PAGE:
Jennifer E. Cobbina is an assistant professor in the School of Criminal Justice at Michigan State University. Her primary research focuses on the issue of corrections, prisoner reentry and the understanding of recidivism and desistance among recently released female offenders. Her second primary research area is centered on examining how gender and social context impact victimization risks among minority youth. She is currently a co-principal investigator on a team of researchers that was awarded research grants from the National Science Foundation and the Michigan State University Foundation to examine how probation and parole officer interaction with female drug offenders affects recidivism, rule violations, and changes in crime-related needs. Dr. Cobbina’s work appears in Criminology, Justice Quarterly, Crime and Delinquency, Deviant Behavior, Journal of Criminal Justice, Sociological Inquiry, Journal of Drug Issues, Journal of Offender Rehabilitation, and Journal of Criminal Justice and Popular Culture.
Learning Team Members:
Primer for the participants:
January 8, 2014- Joint letter from DOJ and USED on school disciplinary practices and the possibility of civil rights investigations:
January 8, 2014 letter from Sec. Duncan which went out the same day as the joint guidance letter from DOJ and USED:
General website for National Leadership Summit on School-Justice Partnerships, Michigan involved in and sent team.
Federal Equity Policy Overview
March 3, 2014
Purpose: Our group's aim is to connect the dots between federal policy, and state and local implementation of those policies in regards to equity in education. Using Michigan State University’s 60/50 Project as inspiration, we seek deeper understanding of the impact of Brown v. Board of Education (1954) on segregation and transportation in Michigan's Schools, and the intersection of how ESEA (1965) and Title I was designed and how effective it is. Our learning goals include: gaining better insight into how federal policy effects local school districts, developing a greater understanding of the implications from historic policies on contemporary contexts, and examining the reactions of local districts to policy demands.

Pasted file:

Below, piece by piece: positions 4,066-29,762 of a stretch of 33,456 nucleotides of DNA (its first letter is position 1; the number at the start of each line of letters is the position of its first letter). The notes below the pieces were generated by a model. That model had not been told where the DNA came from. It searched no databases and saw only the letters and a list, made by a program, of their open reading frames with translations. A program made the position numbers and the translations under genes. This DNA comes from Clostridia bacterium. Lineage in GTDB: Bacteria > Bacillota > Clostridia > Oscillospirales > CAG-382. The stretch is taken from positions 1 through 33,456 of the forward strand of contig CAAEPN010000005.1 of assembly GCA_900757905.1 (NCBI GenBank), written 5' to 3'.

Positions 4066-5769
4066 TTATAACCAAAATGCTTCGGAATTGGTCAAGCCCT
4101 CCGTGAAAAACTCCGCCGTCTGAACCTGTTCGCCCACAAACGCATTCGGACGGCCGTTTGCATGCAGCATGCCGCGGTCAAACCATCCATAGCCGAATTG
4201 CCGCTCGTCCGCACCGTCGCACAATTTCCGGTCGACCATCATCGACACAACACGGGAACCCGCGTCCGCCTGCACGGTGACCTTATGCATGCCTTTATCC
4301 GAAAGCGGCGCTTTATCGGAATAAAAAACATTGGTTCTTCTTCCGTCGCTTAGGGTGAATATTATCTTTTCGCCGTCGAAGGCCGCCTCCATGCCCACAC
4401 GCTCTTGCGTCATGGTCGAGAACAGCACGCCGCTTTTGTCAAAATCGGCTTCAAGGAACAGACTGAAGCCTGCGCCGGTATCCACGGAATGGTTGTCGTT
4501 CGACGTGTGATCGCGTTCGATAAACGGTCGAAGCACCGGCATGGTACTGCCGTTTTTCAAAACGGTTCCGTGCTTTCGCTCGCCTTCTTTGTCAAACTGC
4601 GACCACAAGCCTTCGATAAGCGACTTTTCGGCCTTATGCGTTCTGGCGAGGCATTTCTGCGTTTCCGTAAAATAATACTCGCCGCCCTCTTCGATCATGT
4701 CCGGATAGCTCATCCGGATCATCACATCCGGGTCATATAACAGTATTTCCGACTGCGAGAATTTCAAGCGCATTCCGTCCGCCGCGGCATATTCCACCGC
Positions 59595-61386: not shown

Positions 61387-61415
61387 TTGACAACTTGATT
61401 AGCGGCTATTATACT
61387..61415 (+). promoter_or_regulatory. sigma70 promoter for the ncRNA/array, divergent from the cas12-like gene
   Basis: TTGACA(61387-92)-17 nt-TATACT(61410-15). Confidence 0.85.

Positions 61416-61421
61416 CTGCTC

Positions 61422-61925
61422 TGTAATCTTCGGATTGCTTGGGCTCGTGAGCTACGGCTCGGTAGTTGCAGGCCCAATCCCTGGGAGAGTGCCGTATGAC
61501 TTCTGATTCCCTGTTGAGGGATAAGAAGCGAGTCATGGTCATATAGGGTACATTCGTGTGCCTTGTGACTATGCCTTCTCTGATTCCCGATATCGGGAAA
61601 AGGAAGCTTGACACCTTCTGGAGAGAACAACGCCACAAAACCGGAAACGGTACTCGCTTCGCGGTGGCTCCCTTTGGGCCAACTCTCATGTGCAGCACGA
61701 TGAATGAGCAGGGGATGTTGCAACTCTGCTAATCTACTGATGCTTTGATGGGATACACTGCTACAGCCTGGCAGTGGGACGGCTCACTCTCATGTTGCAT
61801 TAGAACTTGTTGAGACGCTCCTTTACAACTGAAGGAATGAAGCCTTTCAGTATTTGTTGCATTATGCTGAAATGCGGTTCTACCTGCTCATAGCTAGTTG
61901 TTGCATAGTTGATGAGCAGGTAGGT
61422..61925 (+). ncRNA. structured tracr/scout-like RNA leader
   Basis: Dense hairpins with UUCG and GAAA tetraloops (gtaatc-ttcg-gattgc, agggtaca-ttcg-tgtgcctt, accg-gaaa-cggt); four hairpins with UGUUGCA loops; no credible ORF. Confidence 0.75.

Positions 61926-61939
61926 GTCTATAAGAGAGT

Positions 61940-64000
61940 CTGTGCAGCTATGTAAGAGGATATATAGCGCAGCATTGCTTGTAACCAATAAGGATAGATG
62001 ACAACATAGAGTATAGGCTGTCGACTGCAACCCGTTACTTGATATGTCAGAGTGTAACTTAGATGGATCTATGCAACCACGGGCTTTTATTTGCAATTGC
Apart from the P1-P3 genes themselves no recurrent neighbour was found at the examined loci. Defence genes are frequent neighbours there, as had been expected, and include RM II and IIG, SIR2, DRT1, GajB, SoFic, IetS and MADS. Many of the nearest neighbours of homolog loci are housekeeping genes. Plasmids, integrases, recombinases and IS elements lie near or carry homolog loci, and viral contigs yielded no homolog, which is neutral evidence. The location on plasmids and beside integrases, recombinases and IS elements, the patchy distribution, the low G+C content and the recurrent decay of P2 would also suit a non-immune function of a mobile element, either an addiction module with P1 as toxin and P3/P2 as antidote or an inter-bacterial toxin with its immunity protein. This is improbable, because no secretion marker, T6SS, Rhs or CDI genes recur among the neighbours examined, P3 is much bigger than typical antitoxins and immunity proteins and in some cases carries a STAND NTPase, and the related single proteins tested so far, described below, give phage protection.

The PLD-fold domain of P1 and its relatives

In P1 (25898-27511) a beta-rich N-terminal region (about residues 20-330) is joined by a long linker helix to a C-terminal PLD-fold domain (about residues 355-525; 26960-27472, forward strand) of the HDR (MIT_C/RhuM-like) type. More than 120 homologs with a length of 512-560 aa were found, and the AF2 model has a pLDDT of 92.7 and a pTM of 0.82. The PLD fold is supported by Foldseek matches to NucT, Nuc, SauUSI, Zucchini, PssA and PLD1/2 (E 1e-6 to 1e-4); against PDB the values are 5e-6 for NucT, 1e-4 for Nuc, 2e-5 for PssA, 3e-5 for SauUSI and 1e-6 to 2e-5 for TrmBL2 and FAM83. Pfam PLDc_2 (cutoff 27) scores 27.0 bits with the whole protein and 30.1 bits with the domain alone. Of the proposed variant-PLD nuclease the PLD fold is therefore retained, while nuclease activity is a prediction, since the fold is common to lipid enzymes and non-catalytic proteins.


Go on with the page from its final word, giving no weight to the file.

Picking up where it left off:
Our presentation seeks to examine the impact and implications for federal equity policies and how they play out on the local level by first discussing the development of Title I with a representative from Congressman John Dingell’s office. Our facilitated discussion will be extended through viewing a video of a panel discussion on contemporary challenges regarding school segregation and a case study of the Ferndale School District, followed by a discussion with members from the Ferndale Schools community.
1. Framing the discussion
2. Representative from Rep. Dingell's Office
3. Video Clip from TFA forum on segregation - guided questions for group discussion
4. Save the last word activity
- "Schoolchildren shuttle across SE Michigan, raising questions about funding, community identity" by Nancy Derringer, June 18, 2013 Bridge Magazine
5. Guest speaker from Ferndale's Board of Education
Kevin Deegan-Krause is an Associate Professor of Political Science at Wayne State University. Kevin is member of the Ferndale Schools Board of Education and has two children attending Kennedy Elementary in Ferndale. He received a B.A. in Economics from Georgetown University in 1990 and a Ph.D. in Government and International Studies from the University of Notre Dame in 2000. His research in comparative politics emphasizes European politics, political parties, democratic institutions and national identity.
Kathleen LaTosch, Principal Consultant for LaTosch Consulting, has over 20 years’ experience in nonprofit administration and leadership. Over the last ten years her work has focused on creating systemic change to build inclusive organizations and communities. This work has included strategic planning, task force leadership and plan implementation, training & education, and evaluation. From 2007-2012, LaTosch led a broad-based racial diversity and inclusion initiative within a nonprofit setting, culminating in a three-year implementation plan adopted by the organization’s board of directors and folded into the five year strategic plan. LaTosch’s commitment to equity, skilled facilitation of diverse committees and teams, and infusion of extensive nonprofit administrative experience resulted in the successful plan, Blueprint for Change . LaTosch is also one of Michigan’s leaders among the lesbian, gay, bisexual and transgender (LGBT) communities.